A Basic Monitoring Engine in PHP

Last week, we continued our discussion of PHP standalone scripts with child processes and more. This week, we conclude our discussion and bring together what you’ve learned. The third of three parts, this article is excerpted from chapter five of the book Advanced PHP Programming, written by George Schlossnagle (Sams; ISBN: 0672325616).

Changing the Working Directory

When you’re writing a daemon, it is usually advisable to have it set its own working directory. That way, if you read from or write to any files via a relative path, they will be in the place you expect them to be. Always qualifying your paths is of course a good practice in and of itself, but so is defensive coding. The safest way to change your working directory is to use not only chdir(), but to use chroot() as well.

chroot() is available inside the PHP CLI and CGI versions and requires the program to be running as root. chroot() actually changes the root directory for the process to the specified directory. This makes it impossible to execute any files that do not lie within that directory. chroot() is often used by servers as a security device to ensure that it is impossible for malicious code to modify files outside a specific directory. Keep in mind that while chroot() prevents you from accessing any files outside your new directory, any currently open file resources can still be accessed. For example, the following code opens a logfile, calls chroot() to switch to a data directory, and can still successfully log to the open file resource:


$logfile = fopen("/var/log/chroot.log", "w");
fputs($logfile, "Hello From Inside The Chrootn");


If chroot() is not acceptable for an application, you can call chdir() to set the working directory. This is useful, for instance, if the code needs to load code that can be located anywhere on the system. Note that chdir() provides no security to prevent opening of unauthorized files—only symbolic protection against sloppy coding.

{mospagebreak title=Giving Up Privileges}

A classic security precaution when writing Unix daemons is having them drop all unneeded privileges. Like being able to access files outside where they need to be, possessing unneeded privileges is a recipe for trouble. In the event that the code (or PHP itself) has an exploitable flaw, you can minimize damage by ensuring that a daemon is running as a user with minimal rights to alter files on the system.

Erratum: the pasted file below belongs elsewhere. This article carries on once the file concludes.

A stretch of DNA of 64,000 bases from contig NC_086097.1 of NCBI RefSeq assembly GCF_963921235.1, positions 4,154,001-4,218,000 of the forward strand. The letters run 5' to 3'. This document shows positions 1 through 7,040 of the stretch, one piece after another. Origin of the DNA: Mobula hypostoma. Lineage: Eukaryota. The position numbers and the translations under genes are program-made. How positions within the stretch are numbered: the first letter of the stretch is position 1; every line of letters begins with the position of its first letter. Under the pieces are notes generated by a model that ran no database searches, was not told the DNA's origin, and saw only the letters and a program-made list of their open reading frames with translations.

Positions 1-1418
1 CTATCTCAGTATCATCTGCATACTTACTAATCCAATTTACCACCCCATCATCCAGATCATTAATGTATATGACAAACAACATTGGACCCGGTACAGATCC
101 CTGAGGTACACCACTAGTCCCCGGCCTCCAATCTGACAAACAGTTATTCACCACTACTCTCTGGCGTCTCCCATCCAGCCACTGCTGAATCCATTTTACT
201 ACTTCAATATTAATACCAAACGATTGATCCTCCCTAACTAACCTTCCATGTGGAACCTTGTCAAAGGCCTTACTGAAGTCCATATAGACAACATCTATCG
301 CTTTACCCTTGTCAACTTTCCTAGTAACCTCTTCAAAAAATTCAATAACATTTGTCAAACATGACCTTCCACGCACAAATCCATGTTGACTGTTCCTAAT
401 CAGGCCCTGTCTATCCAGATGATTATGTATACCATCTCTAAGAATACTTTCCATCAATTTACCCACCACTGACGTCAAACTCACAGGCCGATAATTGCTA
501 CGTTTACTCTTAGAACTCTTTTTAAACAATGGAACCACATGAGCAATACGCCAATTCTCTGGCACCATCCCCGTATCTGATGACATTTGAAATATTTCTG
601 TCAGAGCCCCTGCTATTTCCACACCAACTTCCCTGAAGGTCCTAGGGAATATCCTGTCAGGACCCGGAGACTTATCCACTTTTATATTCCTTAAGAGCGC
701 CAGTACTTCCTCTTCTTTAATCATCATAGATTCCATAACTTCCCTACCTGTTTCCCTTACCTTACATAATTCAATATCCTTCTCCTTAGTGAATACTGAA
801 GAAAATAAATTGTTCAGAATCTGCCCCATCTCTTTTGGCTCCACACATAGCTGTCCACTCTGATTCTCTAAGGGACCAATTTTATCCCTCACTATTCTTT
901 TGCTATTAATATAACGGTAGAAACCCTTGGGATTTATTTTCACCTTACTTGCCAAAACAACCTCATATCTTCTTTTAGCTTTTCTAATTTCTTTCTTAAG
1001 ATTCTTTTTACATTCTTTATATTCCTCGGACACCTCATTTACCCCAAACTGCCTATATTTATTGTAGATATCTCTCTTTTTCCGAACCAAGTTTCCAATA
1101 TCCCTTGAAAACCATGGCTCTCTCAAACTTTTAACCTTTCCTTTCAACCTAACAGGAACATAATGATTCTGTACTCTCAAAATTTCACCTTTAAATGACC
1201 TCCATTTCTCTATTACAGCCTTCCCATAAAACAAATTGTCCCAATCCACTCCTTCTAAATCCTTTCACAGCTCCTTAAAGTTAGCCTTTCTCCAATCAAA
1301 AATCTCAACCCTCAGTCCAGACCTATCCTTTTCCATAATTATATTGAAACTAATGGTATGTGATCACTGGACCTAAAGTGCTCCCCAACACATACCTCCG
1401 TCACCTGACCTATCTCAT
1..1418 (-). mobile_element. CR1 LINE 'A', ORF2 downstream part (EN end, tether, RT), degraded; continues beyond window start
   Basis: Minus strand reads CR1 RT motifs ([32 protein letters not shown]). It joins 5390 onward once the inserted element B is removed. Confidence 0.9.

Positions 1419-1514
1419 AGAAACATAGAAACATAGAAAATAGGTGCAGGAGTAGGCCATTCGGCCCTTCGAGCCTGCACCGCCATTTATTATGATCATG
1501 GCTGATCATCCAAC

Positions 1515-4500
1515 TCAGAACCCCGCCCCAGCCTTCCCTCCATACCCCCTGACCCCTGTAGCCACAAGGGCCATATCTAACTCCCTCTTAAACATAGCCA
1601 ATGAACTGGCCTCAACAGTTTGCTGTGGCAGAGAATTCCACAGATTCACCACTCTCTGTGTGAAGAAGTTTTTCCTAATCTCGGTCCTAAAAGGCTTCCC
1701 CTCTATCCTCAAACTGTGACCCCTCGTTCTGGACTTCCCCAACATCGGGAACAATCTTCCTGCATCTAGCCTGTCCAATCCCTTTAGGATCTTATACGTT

One way to approach this is to simply execute the daemon as the unprivileged user. This is usually inadequate if the program needs to initially open resources (logfiles, data files, sockets, and so on) that the unprivileged user does not have rights to.

If you are running as the root user, you can drop your privileges by using the posix_setuid() and posiz_setgid() functions. Here is an example that changes the running program’s privileges to those of the user nobody:

$pw= posix_getpwnam('nobody');

As with chroot(), any privileged resources that were open prior to dropping privileges remain open, but new ones cannot be created.

Guaranteeing Exclusivity

You often want to require that only one instance of a script can be running at any given time. For daemonizing scripts, this is especially important because running in the background makes it easy to accidentally invoke instances multiple times.

The standard technique for guaranteeing exclusivity is to have scripts lock a specific file (often a lockfile, used exclusively for that purpose) by using flock(). If the lock fails, the script should exit with an error. Here’s an example:

$fp = fopen("/tmp/.lockfile", "a");
if(!$fp || !flock($fp, LOCK_EX | LOCK_NB)) {
 fputs(STDERR, "Failed to acquire lockn");
/* lock successful safe to perform work */

Locking mechanisms are discussed in greater depth in Chapter 10, “Data Component Caching.”

{mospagebreak title=Combining What You’ve Learned: Monitoring Services}

In this section you bring together your skills to write a basic monitoring engine in PHP. Because you never know how your needs will change, you should make it as flexible as possible.

The logger should be able to support arbitrary service checks (for example, HTTP and FTP services) and be able to log events in arbitrary ways (via email, to a logfile, and so on). You, of course, want it to run as a daemon, so you should be able to request it to give its complete current state.

A service needs to implement the following abstract class:

abstract class ServiceCheck {

 const FAILURE = 0;
 const SUCCESS = 1;
 protected $timeout = 30;
 protected $next_attempt;
 protected $current_status = ServiceCheck::SUCCESS;
 protected $previous_status = ServiceCheck::SUCCESS;
 protected $frequency = 30;
 protected $description;
 protected $consecutive_failures = 0;
 protected $status_time;
 protected $failure_time;
 protected $loggers = array();
 abstract public function _ _construct($params);

 public function _ _call($name, $args)
  if(isset($this->$name)) {
   return $this->$name;
 public function set_next_attempt()
  $this->next_attempt = time() + $this->frequency;
 public abstract function run();

 public function post_run($status)
  if($status !== $this->current_status) {
   $this->previous_status = $this->current_status;
  if($status === self::FAILURE) {
   if( $this->current_status === self::FAILURE ) {
   else {
    $this->failure_time = time();
  else {
   $this->consecutive_failures = 0;
  $this->status_time = time();
  $this->current_status = $status;

 public function log_current_status()
  foreach($this->loggers as $logger) {

 private function log_service_event()
  foreach($this->loggers as $logger) {

 public function register_logger(ServiceLogger
$logger) { $this->loggers[] = $logger; } }